Pam Cunningham will never forget how she told her 6-year-old grandson where his mommy went: "I told him people get sick and doctors can help," said Cunningham, "but some people can get very, very sick."
That account was not the whole truth. What Pam left out was that before her daughter, Lori Fedor, died at the age of 44, she first struggled to find medication that may have saved her life.
"This never should have happened. Not in this the country," Cunningham told the NBC 4 New York I-Team. "Something needs to be done,"
Fedor, a teacher from Walden, NY, had just given birth to her second child last September when the symptoms arrived. It began with vertigo, then seizures and finally a diagnoses.
"A brain tumor," said Cunningham. "Cancer."
Fedor took immediate action, enlisting the same surgeon as Ted Kennedy. The tumor was removed, but in April there was concern that cancer cells were spreading to the spine. The chemo drug Etoposide was the only drug that doctor's said would work.
"She had to start immediately," said Cunningham. "Time was of the essence."
Cunningham and her daughter spent countless hours making phone calls to pharmacies throughout New York. Everyone told her the drug Etoposide was backlogged. She was also told the drug might be on a shelf somewhere, there just wasn't a search engine that allowed pharmacists to check.
Cunningham finally enlisted the help of state Sen. William Larkin, whose staff spent many days making calls. A small supply was found in the Bronx, but it was located three and a half weeks after it was prescribed. The cancer had spread.
"She died two days later," said Larkin, a Republican who represents parts of Orange and Ulster counties. "It's a human life and that human life had a chance to be extended. We just couldn't get our hands on the medication."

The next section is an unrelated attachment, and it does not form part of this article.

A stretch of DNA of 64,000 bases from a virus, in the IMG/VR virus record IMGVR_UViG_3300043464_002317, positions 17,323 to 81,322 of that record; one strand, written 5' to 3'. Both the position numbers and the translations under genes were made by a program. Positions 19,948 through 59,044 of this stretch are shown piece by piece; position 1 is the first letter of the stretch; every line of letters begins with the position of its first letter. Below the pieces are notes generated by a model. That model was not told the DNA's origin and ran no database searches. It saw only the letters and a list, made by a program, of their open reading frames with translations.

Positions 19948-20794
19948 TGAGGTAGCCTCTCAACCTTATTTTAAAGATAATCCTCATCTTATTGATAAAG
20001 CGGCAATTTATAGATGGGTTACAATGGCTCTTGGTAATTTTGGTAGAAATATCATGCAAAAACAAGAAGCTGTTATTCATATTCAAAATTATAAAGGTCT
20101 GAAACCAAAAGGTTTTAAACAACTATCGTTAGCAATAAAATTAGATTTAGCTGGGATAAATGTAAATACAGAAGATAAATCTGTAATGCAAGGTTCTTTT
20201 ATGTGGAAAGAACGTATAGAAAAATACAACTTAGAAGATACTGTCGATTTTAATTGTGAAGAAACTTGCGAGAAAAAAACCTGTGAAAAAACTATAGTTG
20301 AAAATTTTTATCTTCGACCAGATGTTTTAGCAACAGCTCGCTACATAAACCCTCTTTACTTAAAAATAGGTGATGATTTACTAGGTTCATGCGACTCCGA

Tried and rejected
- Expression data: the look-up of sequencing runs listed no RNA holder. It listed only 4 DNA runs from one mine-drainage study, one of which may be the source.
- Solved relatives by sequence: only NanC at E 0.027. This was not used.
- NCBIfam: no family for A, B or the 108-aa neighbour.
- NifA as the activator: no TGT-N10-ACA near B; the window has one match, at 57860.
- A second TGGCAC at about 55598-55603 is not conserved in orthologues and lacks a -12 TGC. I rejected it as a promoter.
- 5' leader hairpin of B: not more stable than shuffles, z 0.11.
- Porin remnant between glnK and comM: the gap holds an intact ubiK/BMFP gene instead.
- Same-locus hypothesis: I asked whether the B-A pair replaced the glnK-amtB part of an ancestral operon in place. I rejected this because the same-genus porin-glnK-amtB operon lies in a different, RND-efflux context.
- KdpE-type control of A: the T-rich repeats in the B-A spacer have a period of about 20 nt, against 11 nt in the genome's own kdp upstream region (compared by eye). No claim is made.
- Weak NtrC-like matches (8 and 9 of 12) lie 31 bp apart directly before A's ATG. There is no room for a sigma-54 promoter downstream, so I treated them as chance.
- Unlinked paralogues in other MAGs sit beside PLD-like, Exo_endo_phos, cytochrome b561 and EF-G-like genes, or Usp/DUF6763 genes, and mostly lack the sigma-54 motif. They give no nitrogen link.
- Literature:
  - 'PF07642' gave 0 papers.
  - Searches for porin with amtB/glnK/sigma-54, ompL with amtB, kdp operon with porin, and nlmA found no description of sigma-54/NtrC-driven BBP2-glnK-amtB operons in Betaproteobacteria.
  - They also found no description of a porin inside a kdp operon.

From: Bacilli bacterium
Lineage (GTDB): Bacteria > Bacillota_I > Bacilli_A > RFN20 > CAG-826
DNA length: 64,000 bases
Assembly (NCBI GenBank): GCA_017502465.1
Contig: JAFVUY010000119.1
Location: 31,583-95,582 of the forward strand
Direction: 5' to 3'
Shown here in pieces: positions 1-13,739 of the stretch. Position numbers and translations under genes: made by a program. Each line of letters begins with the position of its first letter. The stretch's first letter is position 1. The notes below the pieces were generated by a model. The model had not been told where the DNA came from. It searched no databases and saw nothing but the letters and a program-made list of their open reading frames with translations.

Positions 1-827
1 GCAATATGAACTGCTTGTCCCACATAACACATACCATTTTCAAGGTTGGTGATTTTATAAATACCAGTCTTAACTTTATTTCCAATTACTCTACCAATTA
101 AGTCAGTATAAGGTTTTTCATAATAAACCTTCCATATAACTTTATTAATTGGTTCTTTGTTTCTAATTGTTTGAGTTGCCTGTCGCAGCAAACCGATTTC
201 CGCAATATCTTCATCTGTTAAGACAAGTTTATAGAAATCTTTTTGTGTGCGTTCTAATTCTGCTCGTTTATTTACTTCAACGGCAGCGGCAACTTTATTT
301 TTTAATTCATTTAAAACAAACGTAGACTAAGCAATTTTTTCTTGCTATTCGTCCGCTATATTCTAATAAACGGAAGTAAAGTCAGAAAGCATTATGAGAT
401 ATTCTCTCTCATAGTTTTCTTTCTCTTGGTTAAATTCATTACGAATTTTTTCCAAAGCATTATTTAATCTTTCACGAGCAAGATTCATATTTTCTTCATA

Mylan, the manufacturer of the drug, confirmed in a statement to NBC 4 New York that the medication was on back order from late March to early May, the exact time Fedor needed it. A spokesperson went on to say "Mylan addressed any supply issues as quickly as possible".
Drug shortages are nothing new in the United State. Doctors and pharmacists say with generic cancer drugs like Etoposide, the problem is threefold: The expire quickly so can't be stored on shelves for long periods of time, they're complicated to make and don't make manufacturers much of a profit. In fact, according to the FDA, 118 drugs are currently in short supply for similar reasons.
"It's very frustrating. something I deal with on nearly a daily basis," said head pharmacist Brian Malone at Long Island's Winthrop University Hospital.
To keep up with the demand and ensure patients would have access to medication, Malone created a database that allows local hospitals to electronically plug in the name of a drug and see what shelves it may be stocked on.
"We no longer have to embark on a scavenger hunt in the 11th hour," said Malone.
Larkin is now calling for a bill that would create a national database and prevent tragedy from striking again. It's a nightmare Lori's mother hopes no other parent has to ever face.
"He can't understand why he can't call her," Cunningham said. "He asks: 'Well, if she's in heaven, why can I call her. Why cant I visit her. Where's heaven?' "